Many Americans are also outraged by the economic and social fallout of unbridled greed that has fuelled US economic growth in recent decades. The Covid 19 pandemic exposed many troubling injustices such as wage inequalities, homelessness, racial discrimination, child poverty, health insurance, and immigration. For example, according to inequality.org, America’s 713 billionaires hold four times more wealth than all of the 165 million Americans who constitute the bottom 50%. More shockingly, while 600,000 Americans lost their lives to Covid 19 and millions more lost their livelihoods to illness and economic distress, billionaire wealth in the US surged by a whopping 60%, or by 1.8 trillion dollars, over the 16-month pandemic period. This does not bode well for social cohesion and stability.
Even the US’ closest allies are disillusioned by the dysfunction of US democracy. For example, a June 2021 survey by Pew Research, a distinguished independent outfit, reported that America has lost the moral high ground in the eyes of friendly countries including Germany, France, Britain, Japan, Korea, Australia and New Zealand, where as few as 1 in 10 now approve of the US democratic model.
US-China hostilities are not new. During past decades the two even engaged in proxy wars in geo-political flashpoints like Korea and Vietnam. Relations began to thaw in the late 1960s when Chairman Mao recognised the limits of his ideology and China’s souring relationship with the erstwhile Soviet Union forced Beijing to pivot towards Washington. Since then, there had always been an implicit understanding between the two, according to seasoned China hands: the US would not destabilise China’s internal order and, in turn, China would not weaken the US-led international order. This framework served both countries exceedingly well to the point of mutual inter-dependence before it began to falter in 2017 to the point of mistrust, rivalry and breakdown today, now even threatening to overshadow the Cold War.
How did the world get to this dark place? Global strategists had always been predicting that China would eventually succeed the US as the world’s pre-eminent economy. But those projections dated the takeover some time in the 2050s or later. Conceivably, the Americans had convinced themselves that China would collapse under its own weight long before. However, more recent projections put China ahead of the US as early as 2031. This appears to have spooked the US establishment and prompted it onto a war-path.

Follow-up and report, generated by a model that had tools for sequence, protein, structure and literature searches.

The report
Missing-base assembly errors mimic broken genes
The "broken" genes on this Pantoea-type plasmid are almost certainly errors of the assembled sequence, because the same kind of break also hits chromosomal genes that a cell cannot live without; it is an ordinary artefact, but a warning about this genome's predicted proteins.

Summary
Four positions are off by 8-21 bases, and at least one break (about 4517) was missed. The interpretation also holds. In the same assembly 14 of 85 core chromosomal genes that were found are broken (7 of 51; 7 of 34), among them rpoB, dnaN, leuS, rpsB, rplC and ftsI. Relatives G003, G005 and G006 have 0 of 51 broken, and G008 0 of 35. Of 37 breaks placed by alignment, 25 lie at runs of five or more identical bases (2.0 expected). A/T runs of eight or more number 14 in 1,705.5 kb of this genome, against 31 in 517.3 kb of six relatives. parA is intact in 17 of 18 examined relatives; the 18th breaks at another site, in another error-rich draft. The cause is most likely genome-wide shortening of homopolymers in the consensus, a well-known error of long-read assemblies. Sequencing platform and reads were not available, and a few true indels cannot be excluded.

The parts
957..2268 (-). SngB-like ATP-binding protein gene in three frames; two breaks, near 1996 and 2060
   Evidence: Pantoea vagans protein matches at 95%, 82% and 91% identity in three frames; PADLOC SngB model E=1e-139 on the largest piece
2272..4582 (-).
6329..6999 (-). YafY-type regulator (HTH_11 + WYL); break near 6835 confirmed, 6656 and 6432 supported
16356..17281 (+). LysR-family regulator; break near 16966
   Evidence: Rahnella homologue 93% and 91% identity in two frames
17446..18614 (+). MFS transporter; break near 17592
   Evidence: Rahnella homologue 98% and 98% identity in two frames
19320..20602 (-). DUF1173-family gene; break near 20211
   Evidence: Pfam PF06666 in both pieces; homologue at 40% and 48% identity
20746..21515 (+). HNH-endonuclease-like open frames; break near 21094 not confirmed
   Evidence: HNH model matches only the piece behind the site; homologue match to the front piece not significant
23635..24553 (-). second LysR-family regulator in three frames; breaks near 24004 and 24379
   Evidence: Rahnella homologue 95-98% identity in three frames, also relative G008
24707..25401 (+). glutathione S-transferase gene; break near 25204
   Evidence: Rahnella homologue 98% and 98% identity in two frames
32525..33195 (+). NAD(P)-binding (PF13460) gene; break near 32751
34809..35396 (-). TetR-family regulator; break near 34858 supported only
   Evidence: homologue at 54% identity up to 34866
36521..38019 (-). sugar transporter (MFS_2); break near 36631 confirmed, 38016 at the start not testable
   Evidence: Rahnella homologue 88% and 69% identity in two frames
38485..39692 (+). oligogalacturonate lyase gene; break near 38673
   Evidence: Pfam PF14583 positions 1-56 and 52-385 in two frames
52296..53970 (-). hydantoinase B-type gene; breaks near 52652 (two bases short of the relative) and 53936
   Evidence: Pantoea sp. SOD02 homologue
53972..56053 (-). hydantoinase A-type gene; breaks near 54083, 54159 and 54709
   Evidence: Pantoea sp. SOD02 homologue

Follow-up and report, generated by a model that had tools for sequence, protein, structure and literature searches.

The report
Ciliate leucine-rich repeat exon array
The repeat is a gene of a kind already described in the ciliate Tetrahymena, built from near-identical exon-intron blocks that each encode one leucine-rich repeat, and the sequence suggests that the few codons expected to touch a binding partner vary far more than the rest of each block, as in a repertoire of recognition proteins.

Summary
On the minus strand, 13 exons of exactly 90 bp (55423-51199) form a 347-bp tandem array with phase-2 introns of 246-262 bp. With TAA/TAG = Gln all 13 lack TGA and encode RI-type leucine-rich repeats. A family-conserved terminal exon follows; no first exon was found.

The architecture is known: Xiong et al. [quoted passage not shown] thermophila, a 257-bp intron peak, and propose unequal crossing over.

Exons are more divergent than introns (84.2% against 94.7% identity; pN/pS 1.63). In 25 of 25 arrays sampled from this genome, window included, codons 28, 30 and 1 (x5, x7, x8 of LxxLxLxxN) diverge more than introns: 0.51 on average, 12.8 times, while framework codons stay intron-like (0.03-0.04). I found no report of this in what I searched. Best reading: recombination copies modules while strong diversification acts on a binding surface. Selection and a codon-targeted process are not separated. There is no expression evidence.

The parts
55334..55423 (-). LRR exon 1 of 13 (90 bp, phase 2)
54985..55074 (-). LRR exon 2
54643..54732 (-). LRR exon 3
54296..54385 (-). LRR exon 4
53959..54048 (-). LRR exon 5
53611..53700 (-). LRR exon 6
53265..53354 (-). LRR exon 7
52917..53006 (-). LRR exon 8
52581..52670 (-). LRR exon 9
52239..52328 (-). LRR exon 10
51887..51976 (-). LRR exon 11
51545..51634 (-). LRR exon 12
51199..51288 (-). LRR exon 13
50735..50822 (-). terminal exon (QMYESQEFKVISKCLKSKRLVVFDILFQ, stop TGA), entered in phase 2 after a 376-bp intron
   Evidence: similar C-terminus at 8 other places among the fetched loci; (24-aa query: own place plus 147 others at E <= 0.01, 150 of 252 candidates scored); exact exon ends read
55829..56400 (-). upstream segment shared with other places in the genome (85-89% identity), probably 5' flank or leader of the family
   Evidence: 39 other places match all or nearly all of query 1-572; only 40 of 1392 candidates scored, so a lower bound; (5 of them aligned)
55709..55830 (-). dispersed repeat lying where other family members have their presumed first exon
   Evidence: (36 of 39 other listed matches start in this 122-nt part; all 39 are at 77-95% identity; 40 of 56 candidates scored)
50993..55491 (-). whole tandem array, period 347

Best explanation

Today, the US appears bent on sabotaging China’s growth strategies. Many Americans are fearfully aware that the Chinese system of governance provides relatively more stability and hence China enjoys the advantage of playing the longer game. While they berate the Chinese economic model claiming it to be propped up by state subsidy and protective tariffs, Americans seem to forget that Alexander Hamilton, one of the US nation’s Founding Fathers and also its first secretary of treasury, favoured overt subsidies, protective tariffs on imports, as well as federal institutions to assume public debts.
Americans are brought up with a sense of entitlement. American Exceptionalism as they call it, leads them to believe that they can do no wrong because they belong to the most powerful country in the world. Chinese nationalism, meanwhile, is underpinned by a 5,000-year-old history. Moreover, the current crop of Chinese professional leaders belong to generations that have only experienced rising prosperity since the 1980s and never the hardships of the 50s and 60s. They are an aspirational lot who believe they can outperform their cohorts in the west.
Granted that capitalism has won the day. But what kind of capitalism? The liberal, rules-based kind or the illiberal, autocratic kind? How one answers the question might also determine where one will stand in the coming Cold War.